The biggest event in content marketing rolled into Cleveland this week and it was out of this world. That’s not just because Content Marketing World 2016 had Star Wars’ own Luke Skywalker (okay, Mark Hamill) as its keynote speaker. The four-day event, which wraps today, brought together over 3,500 content marketers to talk about best practices for creating effective content.
Why Cleveland? It’s the hometown of the Content Marketing Institute, which was established back in 2007 by founder Joe Pulizzi, to educate the industry and advance the idea that marketing should provide value to customers before attempting a sales pitch. Not longer after, marketing guru Seth Godin would declare that “content marketing is the only marketing left” in a modern era when interruptive advertising is easy for consumers to avoid and known to be ineffective.
Content Marketing World began not long afterward to bring the brightest minds in content strategy and custom publishing together. This year was no exception. The halls were filled with distinguished and influential voices in content marketing filling the halls. Just about every aspect of a branded content strategy, implementation and distribution was discussed.
While many top industry consultants and analysts peopled the stages, leading brands like Microsoft, Wells Fargo, LEGO, Kellogg’s, Dell and dozens more showed others how they have built effective content strategies, teams and measurements of their success.
Content Marketing World: Research Informs The Show
The conference always begins with a release of research conducted by the CMI in collaboration with MarketingProfs, influential content expert Ann Handley’s consulting firm. This year, the evidence suggested that content marketers still struggle to get full support within their organizations. Only 20 percent said their organization is fully committed to content marketing. That means there is budget, appropriate hires and executive commitment to sustain a content strategy. Pulizzi called from the main stage for content marketers to work hard to get buy-in because without a full commitment to regular content, brands will not gain the benefits of the strategy. “Mediocre content will hurt your brand more than doing nothing at all,” he declared.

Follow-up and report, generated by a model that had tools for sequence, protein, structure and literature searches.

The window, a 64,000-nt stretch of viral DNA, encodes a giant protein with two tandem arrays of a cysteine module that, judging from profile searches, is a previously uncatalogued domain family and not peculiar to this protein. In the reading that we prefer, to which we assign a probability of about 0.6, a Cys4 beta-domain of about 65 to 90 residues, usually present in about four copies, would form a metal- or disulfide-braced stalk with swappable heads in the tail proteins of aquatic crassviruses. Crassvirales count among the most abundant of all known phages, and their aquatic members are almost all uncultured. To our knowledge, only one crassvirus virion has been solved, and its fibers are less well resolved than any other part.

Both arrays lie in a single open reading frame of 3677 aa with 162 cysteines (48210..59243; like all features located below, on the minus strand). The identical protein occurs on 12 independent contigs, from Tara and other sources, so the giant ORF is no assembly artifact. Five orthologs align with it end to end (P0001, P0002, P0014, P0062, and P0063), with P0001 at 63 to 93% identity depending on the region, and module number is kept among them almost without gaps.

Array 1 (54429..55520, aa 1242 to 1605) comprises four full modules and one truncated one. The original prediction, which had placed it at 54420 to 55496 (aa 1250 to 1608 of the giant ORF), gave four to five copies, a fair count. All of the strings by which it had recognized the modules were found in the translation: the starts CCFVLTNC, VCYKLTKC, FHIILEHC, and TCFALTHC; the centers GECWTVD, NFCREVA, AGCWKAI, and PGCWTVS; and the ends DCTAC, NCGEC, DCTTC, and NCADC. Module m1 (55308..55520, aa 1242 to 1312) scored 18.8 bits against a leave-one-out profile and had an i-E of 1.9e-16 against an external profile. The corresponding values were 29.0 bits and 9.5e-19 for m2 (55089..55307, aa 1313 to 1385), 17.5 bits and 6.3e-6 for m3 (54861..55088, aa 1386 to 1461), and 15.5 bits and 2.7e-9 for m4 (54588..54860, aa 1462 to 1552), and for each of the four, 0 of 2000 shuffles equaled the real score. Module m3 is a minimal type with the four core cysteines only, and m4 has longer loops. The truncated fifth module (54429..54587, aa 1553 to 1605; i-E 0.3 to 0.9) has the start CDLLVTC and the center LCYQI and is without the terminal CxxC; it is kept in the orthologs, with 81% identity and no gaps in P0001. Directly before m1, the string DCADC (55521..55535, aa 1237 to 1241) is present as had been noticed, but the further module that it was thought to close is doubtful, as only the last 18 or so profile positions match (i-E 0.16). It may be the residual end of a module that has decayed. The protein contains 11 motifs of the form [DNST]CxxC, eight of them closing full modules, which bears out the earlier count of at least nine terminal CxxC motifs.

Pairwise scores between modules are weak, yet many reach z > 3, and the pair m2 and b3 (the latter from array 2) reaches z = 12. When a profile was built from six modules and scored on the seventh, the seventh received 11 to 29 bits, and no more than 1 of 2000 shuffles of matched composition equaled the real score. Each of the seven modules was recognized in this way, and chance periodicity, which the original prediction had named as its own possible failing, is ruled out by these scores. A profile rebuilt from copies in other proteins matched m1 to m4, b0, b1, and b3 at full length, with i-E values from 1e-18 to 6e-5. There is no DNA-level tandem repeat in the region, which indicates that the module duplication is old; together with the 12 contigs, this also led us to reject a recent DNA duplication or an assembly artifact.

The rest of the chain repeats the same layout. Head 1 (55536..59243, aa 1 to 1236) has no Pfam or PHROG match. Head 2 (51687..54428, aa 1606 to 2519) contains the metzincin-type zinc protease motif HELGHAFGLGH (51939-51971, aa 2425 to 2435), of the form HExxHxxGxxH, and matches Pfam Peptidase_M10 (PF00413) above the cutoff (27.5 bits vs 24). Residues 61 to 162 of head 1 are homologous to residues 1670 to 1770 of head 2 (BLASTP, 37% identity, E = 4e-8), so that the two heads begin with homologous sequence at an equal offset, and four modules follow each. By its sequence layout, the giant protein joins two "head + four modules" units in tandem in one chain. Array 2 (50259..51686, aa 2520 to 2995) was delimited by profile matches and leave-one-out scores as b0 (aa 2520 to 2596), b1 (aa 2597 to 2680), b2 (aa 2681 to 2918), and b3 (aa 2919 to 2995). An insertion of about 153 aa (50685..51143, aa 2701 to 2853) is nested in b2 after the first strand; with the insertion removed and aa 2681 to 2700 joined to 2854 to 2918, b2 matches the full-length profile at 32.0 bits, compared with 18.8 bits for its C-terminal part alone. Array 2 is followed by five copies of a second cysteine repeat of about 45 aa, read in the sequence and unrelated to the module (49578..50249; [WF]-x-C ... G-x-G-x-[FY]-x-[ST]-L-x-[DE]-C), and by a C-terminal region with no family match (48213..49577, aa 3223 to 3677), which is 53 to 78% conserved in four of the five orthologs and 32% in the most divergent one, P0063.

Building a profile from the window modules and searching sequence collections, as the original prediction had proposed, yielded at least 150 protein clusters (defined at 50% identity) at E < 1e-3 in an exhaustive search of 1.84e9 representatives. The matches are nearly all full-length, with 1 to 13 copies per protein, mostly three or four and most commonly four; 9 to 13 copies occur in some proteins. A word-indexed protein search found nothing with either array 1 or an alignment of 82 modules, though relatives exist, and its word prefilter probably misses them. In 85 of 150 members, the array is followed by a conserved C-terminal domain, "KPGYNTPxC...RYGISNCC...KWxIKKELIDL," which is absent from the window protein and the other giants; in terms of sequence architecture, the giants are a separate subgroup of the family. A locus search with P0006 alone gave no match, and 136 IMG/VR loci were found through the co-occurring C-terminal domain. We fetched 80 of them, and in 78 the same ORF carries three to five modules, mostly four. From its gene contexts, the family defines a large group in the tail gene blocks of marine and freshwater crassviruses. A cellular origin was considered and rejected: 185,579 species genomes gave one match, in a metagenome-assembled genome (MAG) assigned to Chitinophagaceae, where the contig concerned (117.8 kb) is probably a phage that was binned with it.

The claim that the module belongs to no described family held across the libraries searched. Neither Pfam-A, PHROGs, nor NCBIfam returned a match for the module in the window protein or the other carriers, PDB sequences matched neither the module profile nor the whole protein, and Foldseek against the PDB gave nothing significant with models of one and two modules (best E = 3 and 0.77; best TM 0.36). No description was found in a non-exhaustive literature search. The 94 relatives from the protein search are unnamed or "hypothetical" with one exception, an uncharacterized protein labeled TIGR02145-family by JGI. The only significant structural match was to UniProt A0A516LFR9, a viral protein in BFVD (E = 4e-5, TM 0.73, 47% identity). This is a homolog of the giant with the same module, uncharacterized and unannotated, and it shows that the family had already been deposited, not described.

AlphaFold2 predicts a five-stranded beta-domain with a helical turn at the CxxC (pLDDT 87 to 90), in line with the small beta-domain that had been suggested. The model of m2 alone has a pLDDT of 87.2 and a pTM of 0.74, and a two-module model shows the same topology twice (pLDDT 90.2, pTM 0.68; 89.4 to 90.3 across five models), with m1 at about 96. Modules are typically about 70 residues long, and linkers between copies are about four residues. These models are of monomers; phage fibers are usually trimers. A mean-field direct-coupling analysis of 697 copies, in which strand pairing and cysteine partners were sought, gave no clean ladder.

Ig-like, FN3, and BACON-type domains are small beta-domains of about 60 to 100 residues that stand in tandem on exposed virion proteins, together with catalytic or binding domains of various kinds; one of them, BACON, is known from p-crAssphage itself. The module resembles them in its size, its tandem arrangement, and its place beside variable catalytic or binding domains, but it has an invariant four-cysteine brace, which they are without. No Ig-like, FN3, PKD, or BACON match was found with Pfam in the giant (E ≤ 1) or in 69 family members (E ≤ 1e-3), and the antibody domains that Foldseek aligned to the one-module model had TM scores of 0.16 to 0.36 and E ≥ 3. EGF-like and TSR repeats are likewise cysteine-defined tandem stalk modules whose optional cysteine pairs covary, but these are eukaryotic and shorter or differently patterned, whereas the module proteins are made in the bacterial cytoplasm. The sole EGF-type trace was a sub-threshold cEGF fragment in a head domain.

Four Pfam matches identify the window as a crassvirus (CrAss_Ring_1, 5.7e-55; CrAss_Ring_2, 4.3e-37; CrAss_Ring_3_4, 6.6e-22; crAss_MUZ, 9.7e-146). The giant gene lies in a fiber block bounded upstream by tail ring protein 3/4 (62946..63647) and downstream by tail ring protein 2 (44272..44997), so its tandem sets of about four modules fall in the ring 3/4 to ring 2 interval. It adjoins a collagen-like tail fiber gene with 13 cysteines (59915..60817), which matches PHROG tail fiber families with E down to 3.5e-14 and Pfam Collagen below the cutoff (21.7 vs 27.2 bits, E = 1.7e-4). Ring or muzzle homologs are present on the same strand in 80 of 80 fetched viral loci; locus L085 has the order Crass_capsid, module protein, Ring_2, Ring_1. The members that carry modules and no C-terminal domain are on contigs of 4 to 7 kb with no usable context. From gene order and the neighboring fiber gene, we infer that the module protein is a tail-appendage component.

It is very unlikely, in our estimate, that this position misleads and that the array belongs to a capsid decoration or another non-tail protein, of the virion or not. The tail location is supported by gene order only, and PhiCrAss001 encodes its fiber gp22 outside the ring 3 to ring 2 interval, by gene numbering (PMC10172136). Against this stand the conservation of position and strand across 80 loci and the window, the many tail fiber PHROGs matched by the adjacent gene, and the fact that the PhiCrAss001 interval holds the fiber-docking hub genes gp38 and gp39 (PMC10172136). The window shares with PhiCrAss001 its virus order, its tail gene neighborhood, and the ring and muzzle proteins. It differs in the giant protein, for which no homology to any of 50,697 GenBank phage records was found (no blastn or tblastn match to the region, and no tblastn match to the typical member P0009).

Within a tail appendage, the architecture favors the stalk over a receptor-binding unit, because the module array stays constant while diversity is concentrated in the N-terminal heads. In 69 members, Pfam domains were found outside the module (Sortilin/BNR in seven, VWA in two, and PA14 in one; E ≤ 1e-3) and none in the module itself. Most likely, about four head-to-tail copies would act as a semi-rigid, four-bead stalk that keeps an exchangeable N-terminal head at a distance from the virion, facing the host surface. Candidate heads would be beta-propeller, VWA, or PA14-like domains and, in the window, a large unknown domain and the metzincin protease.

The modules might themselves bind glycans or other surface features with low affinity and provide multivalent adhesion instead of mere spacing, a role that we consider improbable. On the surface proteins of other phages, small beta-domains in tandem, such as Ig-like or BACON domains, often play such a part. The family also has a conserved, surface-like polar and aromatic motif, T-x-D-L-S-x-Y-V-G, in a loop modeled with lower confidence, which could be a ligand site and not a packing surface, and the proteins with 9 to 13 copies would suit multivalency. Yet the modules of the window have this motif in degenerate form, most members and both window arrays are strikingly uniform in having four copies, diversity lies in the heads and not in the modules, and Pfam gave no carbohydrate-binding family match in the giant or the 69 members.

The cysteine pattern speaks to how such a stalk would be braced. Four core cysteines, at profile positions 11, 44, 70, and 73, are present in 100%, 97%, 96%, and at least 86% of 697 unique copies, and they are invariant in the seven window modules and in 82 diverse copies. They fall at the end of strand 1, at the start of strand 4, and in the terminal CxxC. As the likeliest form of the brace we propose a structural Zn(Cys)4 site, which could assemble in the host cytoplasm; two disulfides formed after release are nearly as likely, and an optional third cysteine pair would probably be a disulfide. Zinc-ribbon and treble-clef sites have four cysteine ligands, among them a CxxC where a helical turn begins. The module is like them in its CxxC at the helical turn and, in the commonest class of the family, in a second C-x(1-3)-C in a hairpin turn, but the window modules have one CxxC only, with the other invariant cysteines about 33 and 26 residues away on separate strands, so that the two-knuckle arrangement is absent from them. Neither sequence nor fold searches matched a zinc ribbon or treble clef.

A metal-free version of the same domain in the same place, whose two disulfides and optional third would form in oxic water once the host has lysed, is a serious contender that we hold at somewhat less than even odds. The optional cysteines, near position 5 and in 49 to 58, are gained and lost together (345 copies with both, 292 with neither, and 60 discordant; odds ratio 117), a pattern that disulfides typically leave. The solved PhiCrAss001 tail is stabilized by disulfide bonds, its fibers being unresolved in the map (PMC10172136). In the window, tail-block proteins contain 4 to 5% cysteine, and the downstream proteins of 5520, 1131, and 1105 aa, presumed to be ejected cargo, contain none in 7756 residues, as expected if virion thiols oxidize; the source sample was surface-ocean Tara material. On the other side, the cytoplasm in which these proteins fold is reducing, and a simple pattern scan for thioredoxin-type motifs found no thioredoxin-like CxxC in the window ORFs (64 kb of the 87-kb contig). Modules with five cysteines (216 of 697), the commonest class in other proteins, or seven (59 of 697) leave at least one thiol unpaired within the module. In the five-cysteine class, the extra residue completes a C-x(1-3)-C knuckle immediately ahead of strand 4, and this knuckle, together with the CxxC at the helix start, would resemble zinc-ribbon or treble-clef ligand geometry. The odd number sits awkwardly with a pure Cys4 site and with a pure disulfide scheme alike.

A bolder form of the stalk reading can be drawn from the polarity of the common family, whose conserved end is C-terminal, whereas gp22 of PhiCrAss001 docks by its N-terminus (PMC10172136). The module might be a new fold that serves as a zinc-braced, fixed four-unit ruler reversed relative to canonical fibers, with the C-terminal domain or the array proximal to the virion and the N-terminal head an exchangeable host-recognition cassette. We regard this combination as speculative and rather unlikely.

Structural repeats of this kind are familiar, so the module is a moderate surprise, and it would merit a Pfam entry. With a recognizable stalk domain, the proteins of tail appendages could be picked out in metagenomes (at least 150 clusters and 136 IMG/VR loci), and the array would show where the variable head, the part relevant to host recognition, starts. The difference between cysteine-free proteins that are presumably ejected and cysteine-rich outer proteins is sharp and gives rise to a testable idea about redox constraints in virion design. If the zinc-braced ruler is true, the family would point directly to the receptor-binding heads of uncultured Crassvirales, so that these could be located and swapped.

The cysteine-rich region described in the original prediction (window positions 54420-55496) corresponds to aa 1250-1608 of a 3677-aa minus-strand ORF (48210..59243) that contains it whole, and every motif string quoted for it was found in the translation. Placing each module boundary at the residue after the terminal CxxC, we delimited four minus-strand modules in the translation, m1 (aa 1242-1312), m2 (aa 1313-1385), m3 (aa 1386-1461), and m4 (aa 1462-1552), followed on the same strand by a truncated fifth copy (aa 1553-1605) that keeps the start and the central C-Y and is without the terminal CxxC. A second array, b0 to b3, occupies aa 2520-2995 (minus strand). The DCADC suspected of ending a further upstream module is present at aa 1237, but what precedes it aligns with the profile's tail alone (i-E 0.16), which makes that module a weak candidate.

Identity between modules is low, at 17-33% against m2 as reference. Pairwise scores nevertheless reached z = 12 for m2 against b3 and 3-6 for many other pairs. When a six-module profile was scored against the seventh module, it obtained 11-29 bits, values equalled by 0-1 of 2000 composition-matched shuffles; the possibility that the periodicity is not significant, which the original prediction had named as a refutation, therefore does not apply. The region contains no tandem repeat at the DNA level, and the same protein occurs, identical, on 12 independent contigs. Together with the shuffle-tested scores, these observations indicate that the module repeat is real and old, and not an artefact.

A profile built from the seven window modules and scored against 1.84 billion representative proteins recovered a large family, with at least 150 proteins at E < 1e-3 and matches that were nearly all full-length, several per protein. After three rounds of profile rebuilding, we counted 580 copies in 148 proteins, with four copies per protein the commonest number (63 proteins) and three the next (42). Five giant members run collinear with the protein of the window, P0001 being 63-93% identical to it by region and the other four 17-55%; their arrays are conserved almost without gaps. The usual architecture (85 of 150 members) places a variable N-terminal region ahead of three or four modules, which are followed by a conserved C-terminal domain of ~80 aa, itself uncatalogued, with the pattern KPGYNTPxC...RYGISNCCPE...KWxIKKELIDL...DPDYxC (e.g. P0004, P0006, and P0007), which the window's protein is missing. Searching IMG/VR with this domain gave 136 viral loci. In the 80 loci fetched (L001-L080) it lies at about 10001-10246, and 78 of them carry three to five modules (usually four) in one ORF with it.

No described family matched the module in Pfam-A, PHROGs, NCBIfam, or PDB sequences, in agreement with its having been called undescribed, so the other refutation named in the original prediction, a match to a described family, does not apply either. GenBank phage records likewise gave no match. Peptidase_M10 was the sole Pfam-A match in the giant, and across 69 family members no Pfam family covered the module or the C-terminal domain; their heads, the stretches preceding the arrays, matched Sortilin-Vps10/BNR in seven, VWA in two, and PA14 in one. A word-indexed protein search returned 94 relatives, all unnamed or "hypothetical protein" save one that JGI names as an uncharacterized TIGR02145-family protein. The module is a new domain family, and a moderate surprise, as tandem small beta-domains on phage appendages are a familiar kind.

A common theme throughout the conference was not just what to do but also what to stop doing. CMI’s strategy director, Robert Rose, repeatedly told marketers to stop building massive PDFs and start finding more effective content formats to engage their prospects. Michael Brenner, former VP of SAP and current CEO of the Marketing Insider Group, put it simply, “Research shows that 74 percent of CEOs are unhappy with their CMOs. Stop doing stuff that doesn’t make an impact.”
Keynote speaker Andy Crestodina offered marketers good advice on building effective content. He advised marketers to understand the purpose of content before creating it. Some content is for informational purposes, while other content is for transactional experiences. He offered many keys to content success, including working with influencers that can help spread your message because he noted that, “it’s not the best content that wins—it’s the best-promoted content that wins.”
Many Fortune 5,000 brands showcased their content success on stage and in panels throughout the week. LEGO, whose passionate commitment to content spans many decades, highlighted how they inspired user-generated content on social channels with a $100 campaign that generated millions in earned media value. Their innovative approach tapped into the creativity they knew their fans would express when challenged to build a simple character and take him to iconic places around the world. Marriott’s award-winning content studio set out a mission to “become the Red Bull of hospitality” and has done so with innovative original, influencer and real-time content that has tapped into the zeitgeist effectively. REI’s Eric Hess made a pitch for long-form content instead of the snackable, short-form content bites that won’t deliver the same kind of SEO and educational benefits their brand is enjoying. Wells Fargo showed that an innovative and nimble approach to content is helping them win over the hard-to-reach Millennial audiences that represent an increasingly large portion of their customer base.
With workshop days before and after the main event, Content Marketing World is an ideal forum for learning the craft or just getting much better at creating valuable content for your customers. Attendees learned everything from the right technology to support a content team, to creating compelling social content, to building global marketing teams and planning for multi-channel content production.
What about Mark Hamill? Why was he the closing keynote speaker for a content marketing event? As the actor took the stage, he admitted that an article written by the aforementioned Michael Brenner last week shook his confidence that he belonged on the stage. But Hamill need not have been worried. The article’s excellent analysis explained it all in the context of storytelling. Content marketing is about sorting out the right way to tell a story. It’s about redemption. As Brenner put it, “If marketing has a marketing problem, then content marketing is the solution. If banner ads are evil (and you know they are), then content marketing is the hero.”